I had a great single life. I mean, it was awesome.
I went out on dates every week, I traveled at least monthly, I hot tubed regularly, I got together with friends often, I ran my own business, and overall, I just had a super fun time.
Not a lot of question as to why I was single, right?
I was single because I was having too much fun and everyone told me that marriage would mess all that up.
If you were to ask my friends or family, they would tell you that I was single because I didn’t follow their advice—but actually, it might have been because I was. They told me to "live up my single life now—because when I get married, life ends!"
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So I did.
Until I met my wife.
And I need to tell you that what everyone told me about life ending was wrong. Dead wrong. If I’ve learned anything from getting married, I’ve learned that you aren’t going to be any happier or unhappier because you get married. It’s going to be as happy as you make it.
Unfortunately, it feels like people further down the line in life frequently feel the need to warn you about how bad the next phase is going to be.
People told me how hard it would be to date. But I had a blast.
People told me how hard it would be to get married. But it has been awesome.
People told me how hard it would be to have a baby. But it has been incredible!
Now people tell me that it is going to get bad when I have two kids. Well, guess what? By this point, those foreboding premonitions don’t mean anything to me, because it isn’t about some arbitrary stage of life, it is about a frame of mind.
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Recently, my wife and baby and I had cinnamon rolls in bed, went for a 10-mile hike, went to a concert, and topped the day off with a popcorn movie date in bed. Now that married-with-a-kid-day can go toe-to-toe against the best single day I’ve had.
Is my life different than when I was single? Yes. But that doesn’t mean I’m somehow tied down or unable to have as much fun as before. My fun has simply changed.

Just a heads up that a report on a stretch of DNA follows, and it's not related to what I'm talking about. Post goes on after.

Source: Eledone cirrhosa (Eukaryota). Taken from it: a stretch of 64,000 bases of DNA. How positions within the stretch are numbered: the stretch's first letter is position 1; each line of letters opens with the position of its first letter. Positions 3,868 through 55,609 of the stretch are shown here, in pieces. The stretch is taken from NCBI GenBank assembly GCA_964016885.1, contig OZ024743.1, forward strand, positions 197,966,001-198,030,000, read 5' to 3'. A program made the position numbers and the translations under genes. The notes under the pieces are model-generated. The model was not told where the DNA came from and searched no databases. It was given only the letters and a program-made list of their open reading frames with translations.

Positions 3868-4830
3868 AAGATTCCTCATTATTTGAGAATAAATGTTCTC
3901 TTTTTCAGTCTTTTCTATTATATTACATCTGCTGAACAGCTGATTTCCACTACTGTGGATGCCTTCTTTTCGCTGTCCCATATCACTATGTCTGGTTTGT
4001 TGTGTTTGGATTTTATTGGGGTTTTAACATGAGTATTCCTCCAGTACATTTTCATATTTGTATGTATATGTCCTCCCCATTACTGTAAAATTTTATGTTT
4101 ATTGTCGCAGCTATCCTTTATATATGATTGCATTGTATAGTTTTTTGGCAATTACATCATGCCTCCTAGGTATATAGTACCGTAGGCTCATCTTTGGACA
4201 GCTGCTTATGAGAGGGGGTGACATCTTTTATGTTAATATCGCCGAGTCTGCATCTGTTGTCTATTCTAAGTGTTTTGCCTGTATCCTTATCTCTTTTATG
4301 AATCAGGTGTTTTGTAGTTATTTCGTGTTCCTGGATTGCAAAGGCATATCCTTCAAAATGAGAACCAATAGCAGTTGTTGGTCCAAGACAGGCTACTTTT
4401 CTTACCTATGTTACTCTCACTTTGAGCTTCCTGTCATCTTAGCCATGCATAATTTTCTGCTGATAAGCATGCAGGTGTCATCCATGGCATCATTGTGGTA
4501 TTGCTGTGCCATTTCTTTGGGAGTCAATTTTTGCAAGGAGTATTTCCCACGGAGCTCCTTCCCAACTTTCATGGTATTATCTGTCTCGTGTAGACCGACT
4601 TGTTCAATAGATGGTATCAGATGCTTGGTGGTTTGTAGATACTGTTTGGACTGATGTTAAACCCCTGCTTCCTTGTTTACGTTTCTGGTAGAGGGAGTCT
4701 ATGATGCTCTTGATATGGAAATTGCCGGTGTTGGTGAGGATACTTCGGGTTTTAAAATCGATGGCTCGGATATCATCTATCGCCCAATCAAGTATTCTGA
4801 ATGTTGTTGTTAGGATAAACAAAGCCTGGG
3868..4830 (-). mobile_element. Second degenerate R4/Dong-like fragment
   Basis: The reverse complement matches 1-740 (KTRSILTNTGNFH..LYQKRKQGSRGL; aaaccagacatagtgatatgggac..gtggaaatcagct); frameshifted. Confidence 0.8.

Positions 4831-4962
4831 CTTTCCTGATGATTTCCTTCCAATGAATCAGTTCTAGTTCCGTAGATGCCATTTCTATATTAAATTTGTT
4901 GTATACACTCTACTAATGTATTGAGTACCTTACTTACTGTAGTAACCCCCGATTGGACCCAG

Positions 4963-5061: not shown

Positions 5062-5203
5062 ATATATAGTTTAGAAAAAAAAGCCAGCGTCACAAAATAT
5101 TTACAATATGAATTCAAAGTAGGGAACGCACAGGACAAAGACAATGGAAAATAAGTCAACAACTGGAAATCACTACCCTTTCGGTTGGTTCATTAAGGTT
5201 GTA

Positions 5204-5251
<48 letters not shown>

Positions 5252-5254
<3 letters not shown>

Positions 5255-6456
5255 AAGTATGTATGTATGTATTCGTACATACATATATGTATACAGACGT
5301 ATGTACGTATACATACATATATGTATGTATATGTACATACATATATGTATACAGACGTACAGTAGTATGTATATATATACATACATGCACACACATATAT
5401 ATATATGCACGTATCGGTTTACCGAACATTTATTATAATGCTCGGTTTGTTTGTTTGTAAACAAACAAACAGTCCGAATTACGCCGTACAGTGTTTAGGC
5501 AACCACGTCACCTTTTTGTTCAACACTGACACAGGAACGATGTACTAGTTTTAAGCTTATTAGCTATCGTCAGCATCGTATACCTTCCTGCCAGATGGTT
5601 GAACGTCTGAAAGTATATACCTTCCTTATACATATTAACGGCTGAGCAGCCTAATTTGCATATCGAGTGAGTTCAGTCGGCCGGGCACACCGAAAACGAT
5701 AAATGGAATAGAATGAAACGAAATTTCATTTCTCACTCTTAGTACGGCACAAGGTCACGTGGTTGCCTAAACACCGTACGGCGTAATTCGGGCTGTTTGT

I still go on dates every week. I still travel monthly, hot tub regularly, get together with friends often, run my own business, and overall, just have a super fun time.
So what am I trying to say?
If you’re single: don’t let other people’s warnings about marriage scare you. Yes, there will be new challenges and new trials. Be the best version of yourself, strive to be happy, build a relationship with God, and things will work out. Anyone that tells you otherwise is probably unhappy themselves.
If you’re married: let’s help change the rhetoric. Everyone has trials, but just because you had a specific trial or a really rough first year, it doesn’t mean everyone will. What good also came of it? Let’s work to share both sides of the story. Just because your life stopped when you had your first kid, doesn’t mean everyone’s will. Parenthood might be the start of another’s life. What helpful advice can we give? I’m not saying we have to see everything through rose-colored glasses, but we can certainly look at it in a brighter shade than grey.
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As I see it, marriage is beautiful, fun, and wonderful. And while it has its challenges, so does ANY stage in life. So let’s work together to create a new norm of fun, uplifting, and positive examples and conversations around the most sacred earthly relationship we can have—let’s stand together in defense of marriage.